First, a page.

The research group "Genetics and Epigenetics of Neurodegeneration" has been jointly established at the Department of Neurodegenerative Diseases within the Hertie Institute for Clinical Brain Research (HIH) and the German Center for Neurodegenerative Diseases (DZNE). We are a young research team with primary interest in the genetics and genomics of neurodegenerative disorders such as Parkinson's disease (PD), Progressive Supranuclear Palsy (PSP) or Frontotemporal Dementias (FTD).
The recent advances in high-throughput genomic technologies have provided an unprecedented amount of genotype, expression and epigenetic data for many human disorders. Although many genetic studies have been successful on identifying variants to be associated with a certain disorder, a broad understanding on how these factors interact with each other to cause disease, and who are the key players of these interactions, is required to understand the pathogenesis of complex diseases and to develop successful therapeutic strategies for specific group of patients. While the field has generated impressive amounts of data, and has created efficient algorithms to call genomic variants in sequence data, looking for differentially expressed transcripts in RNA expression data or differences in epigenetic patterns such as methylation; there is still a crucial bottleneck in integrating these “omics” datasets with each other in order to understand the full consequences of genomic variation.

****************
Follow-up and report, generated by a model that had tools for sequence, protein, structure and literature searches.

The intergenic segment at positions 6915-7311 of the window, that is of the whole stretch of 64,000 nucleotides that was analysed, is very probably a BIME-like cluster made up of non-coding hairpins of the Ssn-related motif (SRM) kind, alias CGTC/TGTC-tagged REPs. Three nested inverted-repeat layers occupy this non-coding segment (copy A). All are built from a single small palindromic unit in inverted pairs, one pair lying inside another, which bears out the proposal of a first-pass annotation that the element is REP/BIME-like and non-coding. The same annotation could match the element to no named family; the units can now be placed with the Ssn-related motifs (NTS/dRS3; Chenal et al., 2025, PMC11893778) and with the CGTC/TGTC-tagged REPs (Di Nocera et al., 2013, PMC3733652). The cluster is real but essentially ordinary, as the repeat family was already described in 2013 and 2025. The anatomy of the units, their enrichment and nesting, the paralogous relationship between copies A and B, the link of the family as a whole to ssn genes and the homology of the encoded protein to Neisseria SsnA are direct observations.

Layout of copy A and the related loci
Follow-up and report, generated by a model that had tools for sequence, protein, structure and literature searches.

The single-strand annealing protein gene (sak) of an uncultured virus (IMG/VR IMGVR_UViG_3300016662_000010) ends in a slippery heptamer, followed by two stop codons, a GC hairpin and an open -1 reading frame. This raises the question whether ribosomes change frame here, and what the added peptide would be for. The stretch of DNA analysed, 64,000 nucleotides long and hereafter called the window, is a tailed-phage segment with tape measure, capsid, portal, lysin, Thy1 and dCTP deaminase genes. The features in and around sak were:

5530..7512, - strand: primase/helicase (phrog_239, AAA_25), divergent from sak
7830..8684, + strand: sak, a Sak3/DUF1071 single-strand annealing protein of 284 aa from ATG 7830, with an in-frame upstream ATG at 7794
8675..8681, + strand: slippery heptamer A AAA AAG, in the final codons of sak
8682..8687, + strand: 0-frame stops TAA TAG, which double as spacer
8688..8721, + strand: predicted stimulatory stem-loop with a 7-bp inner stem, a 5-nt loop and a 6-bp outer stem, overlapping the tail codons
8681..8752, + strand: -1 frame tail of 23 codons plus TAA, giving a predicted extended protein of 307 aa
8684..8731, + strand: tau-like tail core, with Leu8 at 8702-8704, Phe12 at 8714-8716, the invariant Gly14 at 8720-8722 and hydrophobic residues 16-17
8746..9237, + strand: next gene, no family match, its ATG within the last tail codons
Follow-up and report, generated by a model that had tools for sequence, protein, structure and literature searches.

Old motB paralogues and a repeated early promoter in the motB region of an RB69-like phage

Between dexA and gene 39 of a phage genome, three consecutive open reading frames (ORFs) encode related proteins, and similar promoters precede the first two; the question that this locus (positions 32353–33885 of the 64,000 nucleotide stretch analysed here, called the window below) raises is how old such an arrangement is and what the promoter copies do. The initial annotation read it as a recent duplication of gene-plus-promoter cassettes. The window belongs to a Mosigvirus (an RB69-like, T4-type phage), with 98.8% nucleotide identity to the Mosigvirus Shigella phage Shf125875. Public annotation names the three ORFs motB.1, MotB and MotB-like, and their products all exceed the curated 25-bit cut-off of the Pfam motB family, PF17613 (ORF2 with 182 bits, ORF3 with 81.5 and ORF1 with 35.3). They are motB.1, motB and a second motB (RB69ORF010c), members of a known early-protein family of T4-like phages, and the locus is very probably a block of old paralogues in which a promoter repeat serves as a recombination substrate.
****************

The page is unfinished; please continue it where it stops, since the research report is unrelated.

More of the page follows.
The research group "Genetics and Epigenetics of Neurodegeneration" aims to translate the meaning of previous genetic findings into testable biological hypotheses. Thus, we aim to expand previous work on genetic analysis to a more broader bioinformatic focus by integration of GWAS hits and Next Generation Sequencing (NGS) variants derived from whole-exome, targeted re-sequencing and whole genome sequencing approaches, with expression data from RNA sequencing (RNAseq) and Capped Analysis of Gene Expression (CAGE) experiments. This, in combination with the aforementioned epigenetic data, will help to further understand the genetic (or genomic) mechanisms underlying the etiology of various neurodegenerative disorders.
Zentrum für Neurologie
Hertie-Institut für klinische Hirnforschung
Abteilung Neurologie mit Schwerpunkt neurodegenerative Erkrankungen
Tel.: +49 (0)7071 9387 378